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Inside a recycling factory in India, workers Sort through plastic waste
REUTERS/Danish Siddiqui
Plastic money.
NUDGE TO RECYCLE

India’s online shoppers are all for recycling—if there’s a cashback involved

Manavi Kapur
By Manavi Kapur

Culture and lifestyle reporter

Indian middle-class families often love hoarding plastic bags and packaging material to make the most of every rupee they spend. Online shopping, though, has brought an abundance of such items, so much so that people are now willingly trashing them away.

Nearly half of those who shop online in India prefer disposing off such material instead of meticulously storing them for future use, according to a recent survey by online citizen engagement platform LocalCircles. The survey was conducted in 112 Indian cities with over 10,000 participants.

However, that also means worsening India’s severe landfill problem, given the amount of plastic used in food delivery packaging. The fact that India generates 26,000 tonnes of plastic waste every day has even prompted prime minister Narendra Modi to sound the bugle.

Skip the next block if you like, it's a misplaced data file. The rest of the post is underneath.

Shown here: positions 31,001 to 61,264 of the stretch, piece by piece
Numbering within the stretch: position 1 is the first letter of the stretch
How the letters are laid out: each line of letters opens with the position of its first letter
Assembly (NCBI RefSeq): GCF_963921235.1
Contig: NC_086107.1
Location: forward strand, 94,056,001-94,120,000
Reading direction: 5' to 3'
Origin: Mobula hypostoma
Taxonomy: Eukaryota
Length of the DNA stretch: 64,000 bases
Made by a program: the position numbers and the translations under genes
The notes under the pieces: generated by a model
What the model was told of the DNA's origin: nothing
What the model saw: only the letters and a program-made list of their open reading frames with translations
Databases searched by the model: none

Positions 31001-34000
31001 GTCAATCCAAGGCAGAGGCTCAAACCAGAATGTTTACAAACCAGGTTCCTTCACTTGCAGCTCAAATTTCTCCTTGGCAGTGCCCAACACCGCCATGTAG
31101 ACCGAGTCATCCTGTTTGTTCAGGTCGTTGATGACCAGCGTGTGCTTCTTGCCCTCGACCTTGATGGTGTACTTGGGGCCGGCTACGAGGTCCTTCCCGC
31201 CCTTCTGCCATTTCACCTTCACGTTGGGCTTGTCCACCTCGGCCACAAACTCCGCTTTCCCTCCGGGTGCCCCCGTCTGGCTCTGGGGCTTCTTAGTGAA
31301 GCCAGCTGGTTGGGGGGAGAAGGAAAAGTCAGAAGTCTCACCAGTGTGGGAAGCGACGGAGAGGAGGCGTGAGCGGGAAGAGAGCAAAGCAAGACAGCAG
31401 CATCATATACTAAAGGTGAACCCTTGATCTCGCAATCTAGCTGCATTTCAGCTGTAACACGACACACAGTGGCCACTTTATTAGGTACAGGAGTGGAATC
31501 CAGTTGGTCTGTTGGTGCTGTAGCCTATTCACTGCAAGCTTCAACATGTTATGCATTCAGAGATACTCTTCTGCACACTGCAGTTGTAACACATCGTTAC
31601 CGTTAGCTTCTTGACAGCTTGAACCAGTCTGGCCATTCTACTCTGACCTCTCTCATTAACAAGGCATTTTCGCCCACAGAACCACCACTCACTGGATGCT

E-commerce and delivery companies face a particular challenge in the face of this Oct. 2 deadline set by Modi to do away with all single-use plastic.

Walmart’s Flipkart, for instance, has set a target of using only recycled plastic by 2021.

What’s heartening is that deal-loving Indians seem willing to help achieve these goals. Over 90% of those who shop online in India are willing to return the plastic packaging material for recycling soon receiving their consignments—but for a small incentive—according to the LocalCircles survey.

Nearly 90% of those surveyed expected up to Rs50 ($0.70) in cash for returning such material.

E-commerce, poised to be a $84 billion industry by 2021, can have a huge impact on reducing India’s plastic consumption.

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